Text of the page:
Ukrainian development and Customs Union games: Belarus at crossroads (video)

The Kremlin makes no disguise of his dissatisfaction with the events in Ukraine. Nevertheless, they are sure to affect Minsk-Moscow relations. To improve the economic situation, Aliaksandr Lukashenka is likely to take advantage of Yanykovych’s leaving.

The people over the border stopped silent obeying and took power in their own hands, which the Belarusians may regards as an act to follow. In response, Lukashenka is preparing martial law broadening Belarusian snipers’ powers. The law may be adopted in late 2014. However, the Belarusian leader is not going to conflict with Ukraine.

ANDREY SUZDALTSEV, political analyst:

‘According to the information I got, 3-4 weeks ago he made an attempt to establish contacts with a winning faction. Naturally, he will be trying to earn support from the new Kyiv’.

In contrast to the Russian authorities, Lukashenka seems to be refraining from addressing strong words to Maidan.

English subs:

{movie}In Focus item (25.02.2014) Customs Union Games (ENG subs)|right|15018{/movie}


‘They have their own issues, we have ours, which our policy will be based on. They have their state, we have ours. We have the same aims towards Ukraine. Ukraine shouldn’t be split. No one is allowed to tear this great country apart, it is not indifferent to us.’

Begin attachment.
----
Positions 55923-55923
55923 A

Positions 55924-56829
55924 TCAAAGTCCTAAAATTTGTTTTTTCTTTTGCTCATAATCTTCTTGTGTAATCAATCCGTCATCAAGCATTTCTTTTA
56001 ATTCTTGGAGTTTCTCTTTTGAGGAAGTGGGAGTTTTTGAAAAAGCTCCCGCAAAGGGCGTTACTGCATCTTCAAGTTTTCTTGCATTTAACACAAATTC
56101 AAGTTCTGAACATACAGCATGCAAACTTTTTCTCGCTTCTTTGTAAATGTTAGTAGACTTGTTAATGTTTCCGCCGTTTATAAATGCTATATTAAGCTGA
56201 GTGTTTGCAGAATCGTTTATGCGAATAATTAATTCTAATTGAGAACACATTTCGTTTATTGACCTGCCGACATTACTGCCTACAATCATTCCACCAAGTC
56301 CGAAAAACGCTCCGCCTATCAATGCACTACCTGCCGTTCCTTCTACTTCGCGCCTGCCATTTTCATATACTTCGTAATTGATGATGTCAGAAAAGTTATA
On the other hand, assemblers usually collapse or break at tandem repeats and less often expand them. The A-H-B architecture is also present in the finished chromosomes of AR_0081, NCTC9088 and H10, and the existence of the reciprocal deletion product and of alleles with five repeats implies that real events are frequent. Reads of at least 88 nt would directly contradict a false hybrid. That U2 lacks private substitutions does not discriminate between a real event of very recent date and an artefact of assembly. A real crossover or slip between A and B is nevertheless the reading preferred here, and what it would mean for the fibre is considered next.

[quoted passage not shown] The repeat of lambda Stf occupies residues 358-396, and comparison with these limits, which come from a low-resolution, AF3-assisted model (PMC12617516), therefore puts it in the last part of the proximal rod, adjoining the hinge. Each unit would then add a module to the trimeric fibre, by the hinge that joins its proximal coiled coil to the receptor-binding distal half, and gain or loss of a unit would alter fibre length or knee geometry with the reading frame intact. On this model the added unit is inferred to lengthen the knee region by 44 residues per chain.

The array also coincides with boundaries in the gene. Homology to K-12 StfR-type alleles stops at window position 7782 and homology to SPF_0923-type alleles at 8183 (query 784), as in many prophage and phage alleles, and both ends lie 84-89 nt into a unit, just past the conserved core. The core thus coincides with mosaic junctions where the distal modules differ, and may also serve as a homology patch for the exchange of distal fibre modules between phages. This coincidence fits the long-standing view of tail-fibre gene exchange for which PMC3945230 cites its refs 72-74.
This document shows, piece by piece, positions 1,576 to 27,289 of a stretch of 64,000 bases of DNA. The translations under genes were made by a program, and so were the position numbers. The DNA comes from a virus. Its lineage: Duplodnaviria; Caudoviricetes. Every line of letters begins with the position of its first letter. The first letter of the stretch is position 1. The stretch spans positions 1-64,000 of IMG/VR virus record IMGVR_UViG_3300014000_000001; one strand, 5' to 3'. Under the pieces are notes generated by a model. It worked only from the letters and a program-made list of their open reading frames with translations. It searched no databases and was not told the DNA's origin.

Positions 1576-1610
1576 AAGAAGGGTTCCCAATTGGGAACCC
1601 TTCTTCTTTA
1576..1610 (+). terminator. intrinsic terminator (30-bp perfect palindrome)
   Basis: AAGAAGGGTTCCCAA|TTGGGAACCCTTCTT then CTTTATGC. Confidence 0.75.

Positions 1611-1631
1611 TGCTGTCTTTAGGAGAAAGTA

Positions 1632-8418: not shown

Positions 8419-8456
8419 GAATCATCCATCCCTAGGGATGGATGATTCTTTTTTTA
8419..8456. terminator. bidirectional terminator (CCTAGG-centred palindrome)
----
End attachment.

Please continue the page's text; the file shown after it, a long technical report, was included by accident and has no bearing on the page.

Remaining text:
Minsk has never backed the initiative of the partition of Ukraine which has become a media hit in Russia these days. It is still unknown whether Belarus will support Moscow’s threats to ban exporting Ukrainian meat and dairy products to the Customs Union. But Lukashenka is apparent to seek Putin’s help in the near future, Mr Suzdaltsev says. Especially since there has been no call for a multi-billion loan the Kremlin promised to Ukraine yet,

ANDREY SUZDALTSEV, political analyst:

‘Yanukovych has left, and Lukashenka may well be stressing during his talks with Putin: if you don’t provide assistance tomorrow there will be another Maidan in Belarus.’

There is a slim chance that Mr Putin will turn him down.

ALES LAHVINETS, political analyst:

‘If Russia is in trouble with Ukraine – it looks like that Russian is trying to destabilise the situation – its relations with Minsk will be smoother’.

Especially if the economic situation in post-revolutionary Ukraine turns to the better.

KIRILL KOKTYSH, political analyst:

‘It will pose a challenge to the Customs Union, and Russia will have to make it more attractive by investing money and developing new principles.’

But Vladimir Putin is certain to demand some guarantees in exchange for his brotherly backing, experts say.

ALES LAHVINETS, political analyst:

‘Even $15 bn promised to Ukraine were not to have been granted for a song, but under the average interest rate’.

Speaking about our country, Russia might well continue taking over Belarusian companies.

Martsin Yarski/MS

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